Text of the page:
25 February 2013
4 February 2013
In the present system of 'Pseudo Democracy' it is easy for vociferous minorities to push legislation into a direction that is in contrast with the interests of the majority of the citizens. Small groups can dominate Twitter or protest on the streets while a complicit media hungry for news gives the impression that a much larger part of the electorate is behind the goals promoted by such groups. Even innocent activities that are a positive contribution towards more and proper Democracy can be abused if not properly designed. Case in point the progress of the European Citizens Initiative that wants to put a 'Right to Water' into legislation. The cause may be perfectly valid - but do we really want this to become a new human right? Only in the EU or on a global basis? Many voters may have their doubts and therefore would want to have a say in the matter. The danger is that just putting this issue up for consideration by the EU authorities put the matter on the same level as issues promoted by any Lobby. Legislators are prone to put minority interests on the agenda even if they are against the majority interest as they are desperate to collect any and all votes in order to climb above the magical 50% approval rating at the next election.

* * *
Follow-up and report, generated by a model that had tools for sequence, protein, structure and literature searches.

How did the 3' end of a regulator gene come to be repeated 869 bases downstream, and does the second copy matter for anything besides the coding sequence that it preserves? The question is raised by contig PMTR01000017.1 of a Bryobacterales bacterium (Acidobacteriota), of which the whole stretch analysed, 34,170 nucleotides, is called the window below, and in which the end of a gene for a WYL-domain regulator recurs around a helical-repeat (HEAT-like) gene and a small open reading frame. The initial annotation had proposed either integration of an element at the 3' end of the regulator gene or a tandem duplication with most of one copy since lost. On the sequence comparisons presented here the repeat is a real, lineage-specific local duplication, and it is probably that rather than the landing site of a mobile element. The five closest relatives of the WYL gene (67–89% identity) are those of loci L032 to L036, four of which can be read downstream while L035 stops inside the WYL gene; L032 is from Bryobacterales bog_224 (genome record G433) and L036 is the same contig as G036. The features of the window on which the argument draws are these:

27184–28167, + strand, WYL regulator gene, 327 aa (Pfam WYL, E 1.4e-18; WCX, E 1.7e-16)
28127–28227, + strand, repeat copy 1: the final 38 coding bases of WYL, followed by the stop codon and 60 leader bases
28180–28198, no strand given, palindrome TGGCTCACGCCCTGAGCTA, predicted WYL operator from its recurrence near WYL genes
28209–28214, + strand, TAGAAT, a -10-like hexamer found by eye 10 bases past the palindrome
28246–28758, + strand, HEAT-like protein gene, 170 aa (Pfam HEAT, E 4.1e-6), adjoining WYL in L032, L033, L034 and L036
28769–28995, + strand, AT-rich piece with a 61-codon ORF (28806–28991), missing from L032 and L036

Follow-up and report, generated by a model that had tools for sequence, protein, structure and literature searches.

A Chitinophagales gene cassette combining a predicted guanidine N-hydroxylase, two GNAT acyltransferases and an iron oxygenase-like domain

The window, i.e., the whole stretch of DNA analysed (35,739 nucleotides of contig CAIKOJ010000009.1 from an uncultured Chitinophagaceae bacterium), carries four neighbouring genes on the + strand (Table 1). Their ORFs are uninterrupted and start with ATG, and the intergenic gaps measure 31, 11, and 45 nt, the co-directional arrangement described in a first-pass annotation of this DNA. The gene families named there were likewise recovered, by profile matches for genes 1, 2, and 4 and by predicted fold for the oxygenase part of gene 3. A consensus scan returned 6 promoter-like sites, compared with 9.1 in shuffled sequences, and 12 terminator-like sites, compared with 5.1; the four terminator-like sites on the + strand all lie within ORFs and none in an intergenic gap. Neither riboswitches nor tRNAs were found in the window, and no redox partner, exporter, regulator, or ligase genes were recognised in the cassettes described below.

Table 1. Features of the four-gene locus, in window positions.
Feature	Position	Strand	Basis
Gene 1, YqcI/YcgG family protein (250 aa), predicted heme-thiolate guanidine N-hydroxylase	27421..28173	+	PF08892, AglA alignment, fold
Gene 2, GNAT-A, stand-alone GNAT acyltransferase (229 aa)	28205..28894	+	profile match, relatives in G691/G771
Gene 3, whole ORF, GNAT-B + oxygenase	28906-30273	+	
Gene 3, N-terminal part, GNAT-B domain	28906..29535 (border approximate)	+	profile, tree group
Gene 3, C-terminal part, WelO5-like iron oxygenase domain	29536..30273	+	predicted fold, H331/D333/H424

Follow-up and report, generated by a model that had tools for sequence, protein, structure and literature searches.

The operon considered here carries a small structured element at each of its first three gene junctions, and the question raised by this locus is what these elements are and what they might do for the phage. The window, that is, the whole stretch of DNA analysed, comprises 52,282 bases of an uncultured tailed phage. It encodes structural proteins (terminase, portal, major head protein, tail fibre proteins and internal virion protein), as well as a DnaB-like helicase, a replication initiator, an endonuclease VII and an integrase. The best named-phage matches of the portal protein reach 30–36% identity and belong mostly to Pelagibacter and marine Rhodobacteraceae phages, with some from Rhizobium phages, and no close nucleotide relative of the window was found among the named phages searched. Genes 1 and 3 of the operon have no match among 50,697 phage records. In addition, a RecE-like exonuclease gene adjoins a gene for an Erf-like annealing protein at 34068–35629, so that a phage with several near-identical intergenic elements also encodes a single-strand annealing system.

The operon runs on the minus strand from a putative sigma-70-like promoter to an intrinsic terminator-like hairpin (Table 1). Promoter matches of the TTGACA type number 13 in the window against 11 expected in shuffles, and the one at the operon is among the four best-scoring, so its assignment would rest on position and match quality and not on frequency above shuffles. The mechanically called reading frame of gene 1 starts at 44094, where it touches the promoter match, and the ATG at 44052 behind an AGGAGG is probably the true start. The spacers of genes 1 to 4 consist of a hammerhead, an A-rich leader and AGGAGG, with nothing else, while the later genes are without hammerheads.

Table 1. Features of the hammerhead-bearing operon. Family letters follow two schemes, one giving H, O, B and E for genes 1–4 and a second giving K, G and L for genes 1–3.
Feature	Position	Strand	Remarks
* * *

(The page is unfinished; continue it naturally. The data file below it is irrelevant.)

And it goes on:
This brief look at the state of US Democracy gives a sobering insight into the sorry condition that democracy has been turned into by the flawed electoral process in that country. A strong dose of Direct Democracy at all levels of government and decision making would go a long way towards neutralising the nefarious effect that money and influence-peddling has on legislation